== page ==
Researchers from Singapore, Malaysia, Denmark, the UK, and Poland have all collaborated to quantumly entangle a tardigrade. Tardigrades, also known as “water bears,” are microscopic organisms with eight legs. Their ability to live in some of the most extreme places on earth (like deep-sea volcanoes) makes them perfect for studying tardigrades. They can go into a state called “cryptobiosis,” to survive more extreme conditions like oxygen deficiency.
Tardigrades have become part of popular culture due to their unique looks and cute personality, as described by their nickname “water bears.”
Background: Fragility of Quantum Entanglement
It was the cryptobiosis that triggered the interest of the researchers. The use of a tardigrade is important, as previous research has shown quantum entanglement to work on single particles only. This is because quantum entanglement, where the quantum states of two particles are not independent of each other, is quite fragile. It’s very easy to break quantum entanglement, which makes it very difficult to prove in an experiment. Looking at entangling a multicellular organism, like a tardigrade, would be unheard of, changing quantum mechanics forever. If entanglement could happen with multi-cellular organisms, this could have significant impacts on industries like quantum computing, and even our internet connections. Both of these use quantum entanglements, in some form, to help produce essential results upon which our society relies.
Analysis: Ice That Tardigrade!
To quantumly entangle the tardigrade, the team of researchers used superconducting qubits, which are basic units of quantum information typically used in a quantum computer. Qubits have to be kept at extremely low temperatures in order to work, so the tardigrade was going to have to be exposed to frigid conditions. The tardigrade was placed between two superconducting qubits inside a copper cavity, and an electric current was sent through to encourage entanglement.
Here the tardigrade was used as the dielectric capacitor in the electric circuit. The researchers tested the set-up without the tardigrade to see if the qubits could entangle with each other. This setup, while interesting, made it difficult to test for entanglement between the tardigrade and the system, or even just between the qubits themselves. Inducing entanglement can be quite tricky, because it is so fragile, and many physicists are currently studying ways to make entanglement easier to produce and measure. In the case of this experiment, while the researchers suggested they entangled a tardigrade, it would be difficult to validate.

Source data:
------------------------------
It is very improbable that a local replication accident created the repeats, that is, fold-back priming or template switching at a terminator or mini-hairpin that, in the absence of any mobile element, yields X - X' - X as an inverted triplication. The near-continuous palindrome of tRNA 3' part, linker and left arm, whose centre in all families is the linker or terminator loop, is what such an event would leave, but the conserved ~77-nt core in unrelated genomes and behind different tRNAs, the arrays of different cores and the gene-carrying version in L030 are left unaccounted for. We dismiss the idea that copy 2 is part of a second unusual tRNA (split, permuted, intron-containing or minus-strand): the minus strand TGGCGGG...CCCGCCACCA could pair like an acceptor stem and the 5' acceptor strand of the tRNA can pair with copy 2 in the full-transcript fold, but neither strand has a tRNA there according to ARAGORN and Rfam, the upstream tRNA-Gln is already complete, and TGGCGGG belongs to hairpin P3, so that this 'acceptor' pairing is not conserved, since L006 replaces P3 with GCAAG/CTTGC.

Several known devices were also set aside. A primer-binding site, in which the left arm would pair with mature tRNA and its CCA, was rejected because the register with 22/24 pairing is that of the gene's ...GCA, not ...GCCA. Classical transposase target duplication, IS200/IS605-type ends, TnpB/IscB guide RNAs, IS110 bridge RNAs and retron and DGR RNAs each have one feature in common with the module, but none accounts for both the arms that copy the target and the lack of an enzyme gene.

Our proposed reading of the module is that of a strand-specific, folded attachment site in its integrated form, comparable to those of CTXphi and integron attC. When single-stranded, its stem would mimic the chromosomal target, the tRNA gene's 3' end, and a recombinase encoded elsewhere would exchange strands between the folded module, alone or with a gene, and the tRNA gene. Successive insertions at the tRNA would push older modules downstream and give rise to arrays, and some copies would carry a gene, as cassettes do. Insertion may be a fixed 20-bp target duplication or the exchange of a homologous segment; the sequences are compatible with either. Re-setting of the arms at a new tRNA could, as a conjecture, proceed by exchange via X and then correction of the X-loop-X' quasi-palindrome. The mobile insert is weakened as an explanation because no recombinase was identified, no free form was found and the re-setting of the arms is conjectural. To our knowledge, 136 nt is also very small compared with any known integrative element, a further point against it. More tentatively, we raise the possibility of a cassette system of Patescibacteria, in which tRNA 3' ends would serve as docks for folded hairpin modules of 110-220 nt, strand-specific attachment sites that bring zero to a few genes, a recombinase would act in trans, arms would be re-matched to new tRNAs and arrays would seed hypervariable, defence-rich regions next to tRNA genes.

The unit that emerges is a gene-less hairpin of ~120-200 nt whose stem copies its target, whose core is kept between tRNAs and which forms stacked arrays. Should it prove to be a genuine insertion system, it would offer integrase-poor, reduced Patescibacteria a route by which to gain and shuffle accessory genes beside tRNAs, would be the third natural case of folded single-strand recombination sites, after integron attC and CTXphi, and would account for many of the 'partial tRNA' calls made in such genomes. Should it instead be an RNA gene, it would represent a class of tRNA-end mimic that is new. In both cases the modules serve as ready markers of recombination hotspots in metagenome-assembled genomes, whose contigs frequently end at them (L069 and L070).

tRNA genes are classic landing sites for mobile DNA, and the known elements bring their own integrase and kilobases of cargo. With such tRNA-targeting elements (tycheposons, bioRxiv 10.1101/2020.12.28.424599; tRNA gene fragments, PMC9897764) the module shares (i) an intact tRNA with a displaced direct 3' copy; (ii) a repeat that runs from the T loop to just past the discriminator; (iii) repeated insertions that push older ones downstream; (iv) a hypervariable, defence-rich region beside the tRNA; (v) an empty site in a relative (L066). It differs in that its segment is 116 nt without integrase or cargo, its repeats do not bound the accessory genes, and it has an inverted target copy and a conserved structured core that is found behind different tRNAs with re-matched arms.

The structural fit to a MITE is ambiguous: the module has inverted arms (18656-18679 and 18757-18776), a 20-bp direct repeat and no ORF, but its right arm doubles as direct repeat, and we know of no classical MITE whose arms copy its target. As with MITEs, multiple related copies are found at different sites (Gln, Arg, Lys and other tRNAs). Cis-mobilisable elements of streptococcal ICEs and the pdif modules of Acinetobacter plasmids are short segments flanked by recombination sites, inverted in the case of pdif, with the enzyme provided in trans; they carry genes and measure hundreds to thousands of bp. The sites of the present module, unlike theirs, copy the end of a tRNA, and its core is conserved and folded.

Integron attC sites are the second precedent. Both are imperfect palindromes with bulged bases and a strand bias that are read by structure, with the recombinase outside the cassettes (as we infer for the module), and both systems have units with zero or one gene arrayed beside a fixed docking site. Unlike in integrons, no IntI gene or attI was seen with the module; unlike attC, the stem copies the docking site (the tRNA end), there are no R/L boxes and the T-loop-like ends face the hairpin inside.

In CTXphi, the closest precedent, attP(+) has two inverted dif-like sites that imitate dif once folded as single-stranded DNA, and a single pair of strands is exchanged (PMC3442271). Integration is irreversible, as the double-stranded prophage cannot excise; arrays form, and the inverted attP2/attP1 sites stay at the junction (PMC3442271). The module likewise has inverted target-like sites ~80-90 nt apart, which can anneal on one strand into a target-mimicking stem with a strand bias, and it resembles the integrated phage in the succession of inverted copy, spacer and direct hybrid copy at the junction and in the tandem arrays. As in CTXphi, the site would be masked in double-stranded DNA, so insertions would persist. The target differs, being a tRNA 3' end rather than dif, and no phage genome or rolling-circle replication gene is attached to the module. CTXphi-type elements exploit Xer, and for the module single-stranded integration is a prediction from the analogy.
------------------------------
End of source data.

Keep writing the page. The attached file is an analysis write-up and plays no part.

Once the tardigrade seemed to be entangled to the system, the researchers would determine if the tardigrade was actually entangled by putting it in a more extreme environment than the organism could actually survive in. As the system could “survive” in any frigid condition, it would be expected that the tardigrade could too. The researchers believed that if the tardigrade could survive in temperatures below 10 milli-Kelvin (which is around -460°F or -273°C) and pressures below 6×10-6 mbar, then the tardigrade was actually entangled. This, however, seems a bit confusing, as the tardigrades are already prone to survive extreme conditions, which would give inconclusive results. With a lot at stake, the researchers held their breath, and submitted the organism to unbearable conditions, hoping that it would go into a state of cryptobiosis and survive.
Outlook: Shrodinger’s Tardigrade?
After running the experiment, the researchers found that the organism had survived and returned to its active form after being in this extreme environment for over 420 hours. The tardigrade’s ability to go into cryptobiosis no doubt helped in its survival. This experiment sets a new record for the conditions that a complex organism can survive in. Yet, there are still many questions to be asked from this experiment, as it’s inconclusive if the tardigrade was actually entangled or not. Further experiments need to be performed to make these results more determined. For now, the experiment proves that a Shrodinger’s tardigrade may possibly exist. From the paper, the researchers stated that it was: “possible to do a quantum and hence a chemical study of a system, without destroying its ability to function biologically.”
Kenna Castleberry is the Science Communicator at JILA and a staff writer at The Quantum Daily and The Deep Tech Insider. She has written various pieces on diversity in deep tech, covering stories from underrepresented communities, as well as discussing how science fiction contributes to the reputations of deep technologies. Follow her on Twitter @kennaculture